I shared with the class of 2022 three of the key lessons I’ve learned since starting my career in 1991.
The first one is, learn how to be present at the bedside:
In return, patients, if we listen to them, will teach us more about medicine and about life than we could ever imagine.
The second lesson is to be aware of how much we do not know.
My clinical work is as an intensive care doctor. My job is to lead a team who provides life support to people at high risk of dying. I spend a lot of time in that space between life and death.
After about 12 years of training and five years of practice, I met with the family of a First Nations man who was dying in my ICU from an overwhelming infection. I spoke carefully and clearly as I described the impact of his illness, the supports he was receiving and the sad news that our medical care, my medical care, was not going to be able to save him.
After sitting in silence for a while, one of the Elders in the room spoke up. Kindly and clearly, he asked, “Yes, Doctor, but how is his soul?”
Medical school, residency, fellowship and five years of practice did not prepare me for that question. That is still the best question I have ever been asked by anyone.
How is his soul? More than 10 years later, I still don’t have an answer for that man and his family. There is so much we do not know. Our understanding of how our bodies work and don’t work is incomplete. And our western model of health and health care is only just starting to recognize the connection between physical, mental, emotional and spiritual wellbeing. We have so much to learn and to discover together.
So lesson two: It’s good to be connected to what you don’t know. Practice humility.
My third lesson is one that physicians need to continuously work on: try really hard to stay human. Whether you’ve been a doctor for years or a medical student for but a few weeks, we are all human. We have much in common, and I think we have much at risk.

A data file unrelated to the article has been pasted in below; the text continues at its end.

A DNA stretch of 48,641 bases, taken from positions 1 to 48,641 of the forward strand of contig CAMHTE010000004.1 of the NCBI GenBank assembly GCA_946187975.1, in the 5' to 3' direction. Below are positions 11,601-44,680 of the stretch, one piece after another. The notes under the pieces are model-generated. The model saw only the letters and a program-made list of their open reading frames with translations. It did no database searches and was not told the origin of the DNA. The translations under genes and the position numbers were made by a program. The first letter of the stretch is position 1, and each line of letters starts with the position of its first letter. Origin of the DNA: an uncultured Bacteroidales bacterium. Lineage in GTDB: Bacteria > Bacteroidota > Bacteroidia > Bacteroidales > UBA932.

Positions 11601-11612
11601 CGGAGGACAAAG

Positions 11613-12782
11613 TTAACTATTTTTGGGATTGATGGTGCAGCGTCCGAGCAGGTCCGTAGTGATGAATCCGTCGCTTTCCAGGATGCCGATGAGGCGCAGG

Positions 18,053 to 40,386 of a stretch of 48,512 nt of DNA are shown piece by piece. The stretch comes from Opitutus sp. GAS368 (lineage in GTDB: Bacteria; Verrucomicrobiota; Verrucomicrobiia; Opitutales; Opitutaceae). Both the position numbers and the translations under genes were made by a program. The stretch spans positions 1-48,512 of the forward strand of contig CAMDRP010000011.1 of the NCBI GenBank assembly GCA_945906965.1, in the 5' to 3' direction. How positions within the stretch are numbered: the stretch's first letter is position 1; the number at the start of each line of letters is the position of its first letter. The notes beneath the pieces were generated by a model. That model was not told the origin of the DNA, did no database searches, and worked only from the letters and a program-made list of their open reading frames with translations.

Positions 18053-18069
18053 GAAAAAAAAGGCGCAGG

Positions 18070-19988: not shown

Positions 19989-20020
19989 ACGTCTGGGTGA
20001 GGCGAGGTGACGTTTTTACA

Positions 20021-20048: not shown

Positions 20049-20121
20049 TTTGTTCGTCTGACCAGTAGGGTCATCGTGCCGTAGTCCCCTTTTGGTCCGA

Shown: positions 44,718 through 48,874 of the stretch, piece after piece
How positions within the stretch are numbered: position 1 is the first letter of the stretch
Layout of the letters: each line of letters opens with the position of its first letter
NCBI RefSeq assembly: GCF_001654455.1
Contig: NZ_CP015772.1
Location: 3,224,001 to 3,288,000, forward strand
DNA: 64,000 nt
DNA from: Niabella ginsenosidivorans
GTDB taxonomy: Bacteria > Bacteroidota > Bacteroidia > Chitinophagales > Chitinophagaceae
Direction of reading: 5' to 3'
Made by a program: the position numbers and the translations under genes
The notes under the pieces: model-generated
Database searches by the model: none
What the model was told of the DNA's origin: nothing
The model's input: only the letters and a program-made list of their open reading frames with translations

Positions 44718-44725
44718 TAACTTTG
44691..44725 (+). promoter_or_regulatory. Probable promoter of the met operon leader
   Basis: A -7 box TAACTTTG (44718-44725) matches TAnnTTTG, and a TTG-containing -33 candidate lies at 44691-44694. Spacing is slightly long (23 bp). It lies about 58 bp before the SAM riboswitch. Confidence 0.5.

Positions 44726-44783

Earlier I wrote about Dr. William Osler, who I learned about in my first few months of medicine. Today I want to introduce you to a 21st century version of Dr. Osler. You can find Dr. Mark Reid on Twitter at
Dr. Reid initially started his Twitter feed to collect the teachings of famous, old, dead doctors: Osler, Mayo, Lister, Pasteur and more. He then moved on to documenting his own learnings. He tweets often about the need to take care of yourself and remember why you chose this path in the first place. One of my favourites is: “If you don’t bring your humanity with you to work, you might have trouble finding it on your way home.”
Class of 2022, I say this directly to you: Work hard to stay whole as a person. I can’t tell you how to do this. It will be your own path to discover. But I can tell you that you need to pay attention to who you are, what you are learning about yourself and how you are staying connected to what matters most to you. Medical school, and medicine, can be overwhelming and isolating. It is by working hard to stay connected to your values, your supports, your friends and your family that you will have the best chance of thriving and growing.
I told those young doctors to wear their white coats with pride for what they have accomplished so far, with gratitude for the privilege of what is to come, and with a strong sense of humility and openness to what they do not yet know, and what they are going to discover.
What is underneath the white coat is the most important part of who we are, and what carries us, as physicians, into the lives of the patients, families and communities that we serve.
To the Class of 2022, I wish you joy and support, and I look forward to working, learning and growing alongside you.
And to the rest of my colleagues out there, I’d love to hear what lessons you have to pass on to our learners and future colleagues. Let me know at email@example.com.
Dr. Susan ShawChief Medical Officer